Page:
Bunya leaves Bunya Tree Spacer
SpacerLeft: Bunya TreeSpacerRight: Close-up of sharp bunya leaves.

Bunya, also called Bunya Pine, Bunya-bunya.

Araucaria bidwillii


The tropical and sub-tropical genus Araucaria (19 species) originated in rain forests. Most species are endemic to Australia, New Zealand, New Caledonia and Papua New Guinea, with another two in South America. In earlier times the genus was more widely distributed globally, and it's thought extinction and habitat loss has primarily been due to gradually increasing aridity over the millennia. Bunya is a very ancient species with fossil records dating back 185 million years.


Native populations of bunya are found in Queensland in two widely separated regions, northern and southern. Annual precipitation for the southern group is 1100-1400mm in summer with a dry season from April to September. The geographically constrained northern population has a more even rainfall distribution of 1500-2000mm but is considered a relict population vulnerable to extinction. Elevation restraints in both regions are 150-1000m. Mature bunyas are reasonably cold-tolerant to about -5°C

Plant Description:

A large gymnosperm tree – long-lived, slow-growing, single-trunked, evergreen, coniferous and resinous, monoecious, and can grow to more than 50m. Branches are approximately horizontal outwards from the trunk and can curve upwards terminally, up to 7m long, and are arranged in a whorl around the trunk with tufts of spiky imbricate and long-lived leaves clustered towards branch ends. Leaves spiral round branchlets and are narrowly triangular, imbricate, coriaceous, 10-50 X 3-15mm, with fine, numerous, parallel non-conspicuous veins. The thick bark is grey-black and exfoliates in horizontal strips. Trees develop a distinctive open base, dome-shaped canopy as they mature and drop individual leaves and lower branchlets and branches.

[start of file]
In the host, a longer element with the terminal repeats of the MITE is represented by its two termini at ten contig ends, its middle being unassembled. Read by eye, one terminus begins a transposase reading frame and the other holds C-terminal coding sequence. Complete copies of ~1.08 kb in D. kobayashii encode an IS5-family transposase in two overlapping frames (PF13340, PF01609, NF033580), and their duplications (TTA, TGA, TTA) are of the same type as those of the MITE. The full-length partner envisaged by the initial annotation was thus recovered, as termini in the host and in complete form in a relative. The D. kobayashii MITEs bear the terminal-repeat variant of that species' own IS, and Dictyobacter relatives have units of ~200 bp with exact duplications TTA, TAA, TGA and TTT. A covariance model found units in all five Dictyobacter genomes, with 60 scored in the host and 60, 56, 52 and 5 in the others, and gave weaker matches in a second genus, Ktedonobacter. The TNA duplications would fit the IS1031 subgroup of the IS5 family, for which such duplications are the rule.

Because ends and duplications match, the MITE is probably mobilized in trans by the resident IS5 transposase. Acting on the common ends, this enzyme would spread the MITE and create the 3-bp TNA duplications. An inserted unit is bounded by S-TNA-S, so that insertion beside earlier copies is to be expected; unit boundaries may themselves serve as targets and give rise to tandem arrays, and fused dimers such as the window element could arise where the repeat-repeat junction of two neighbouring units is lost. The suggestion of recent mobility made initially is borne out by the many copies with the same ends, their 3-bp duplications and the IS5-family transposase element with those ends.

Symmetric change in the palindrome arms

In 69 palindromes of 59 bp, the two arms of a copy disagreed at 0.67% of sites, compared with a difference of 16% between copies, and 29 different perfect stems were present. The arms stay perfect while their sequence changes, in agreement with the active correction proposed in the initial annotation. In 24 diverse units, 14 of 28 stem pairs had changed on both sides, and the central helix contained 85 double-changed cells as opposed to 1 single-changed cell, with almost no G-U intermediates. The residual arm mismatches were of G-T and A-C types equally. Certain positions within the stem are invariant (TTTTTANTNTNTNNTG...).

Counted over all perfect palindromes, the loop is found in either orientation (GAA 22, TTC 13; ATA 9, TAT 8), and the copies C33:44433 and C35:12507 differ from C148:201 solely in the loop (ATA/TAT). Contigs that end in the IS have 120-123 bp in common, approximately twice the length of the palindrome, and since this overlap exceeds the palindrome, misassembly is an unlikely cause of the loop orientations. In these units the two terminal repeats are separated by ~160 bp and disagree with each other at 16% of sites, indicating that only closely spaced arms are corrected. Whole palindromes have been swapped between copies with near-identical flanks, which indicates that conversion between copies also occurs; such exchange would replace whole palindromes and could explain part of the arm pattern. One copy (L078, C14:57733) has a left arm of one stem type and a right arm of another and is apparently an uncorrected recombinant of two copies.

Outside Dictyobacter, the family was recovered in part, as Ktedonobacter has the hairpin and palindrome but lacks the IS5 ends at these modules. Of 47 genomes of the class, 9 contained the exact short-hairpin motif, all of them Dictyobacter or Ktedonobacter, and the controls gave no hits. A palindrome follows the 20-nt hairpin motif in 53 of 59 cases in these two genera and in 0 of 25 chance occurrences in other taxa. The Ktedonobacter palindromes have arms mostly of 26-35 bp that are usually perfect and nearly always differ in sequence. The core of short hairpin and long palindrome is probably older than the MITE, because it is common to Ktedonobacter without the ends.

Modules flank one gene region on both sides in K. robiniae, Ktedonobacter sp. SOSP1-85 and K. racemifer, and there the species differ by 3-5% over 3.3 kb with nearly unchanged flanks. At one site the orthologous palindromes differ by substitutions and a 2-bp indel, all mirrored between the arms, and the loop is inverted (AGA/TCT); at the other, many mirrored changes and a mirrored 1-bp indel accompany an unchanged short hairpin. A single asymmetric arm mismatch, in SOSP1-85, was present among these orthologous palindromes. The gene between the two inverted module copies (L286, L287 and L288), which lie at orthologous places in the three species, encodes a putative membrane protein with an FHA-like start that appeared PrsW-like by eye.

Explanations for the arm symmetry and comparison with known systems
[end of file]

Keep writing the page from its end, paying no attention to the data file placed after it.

The three genera in the Araucariaceae family are primarily native to the southern hemisphere. Bunya relatives include Norfolk Island Pine, Monkey Puzzle tree and the Wollemi Pine, first discovered in 1994. The closest relative to bunya is A. hunsteinii which is native to PNG and can grow to a 50-90m giant with a trunk diameter of 3m. Although these trees are all conifers and produce cones, they are not members of the Pinaceae, illustrating how common names can be misleading.


Rich, moist, well-drained volcanic soils are best, but it can grow in most types. The pH can be acid, neutral or basic, and bunya shows some tolerance to salt spray.


Mainly by using seeds which are recalcitrant with no dormancy period, germinating rapidly in moist soil when fresh. After imbibition, seeds undergo an unusual process called cryptogeal germination. They rapidly produce a fleshy below-ground tuber (an enlarged hypocotyl): almost all the starch reserves of the seed are efficiently transferred to the tuber, and then the seed detaches from the tuber. Several months or sometimes years later the tuber sends a shoot up through the overlying soil, and then begins photosynthesis and subsequently develops into the tree. Cuttings have also been successful but must be taken from upright-growing shoots; cuttings from side shoots will not grow erect.


None known. The species exhibits significant genetic diversity, and the northern group could become increasingly important for breeding studies that may help save the species from extinction. The extremely long life cycle of bunya makes any breeding work to improve qualities, eg juvenility period, tree size and regular cropping, very challenging.

Flowering and Pollination: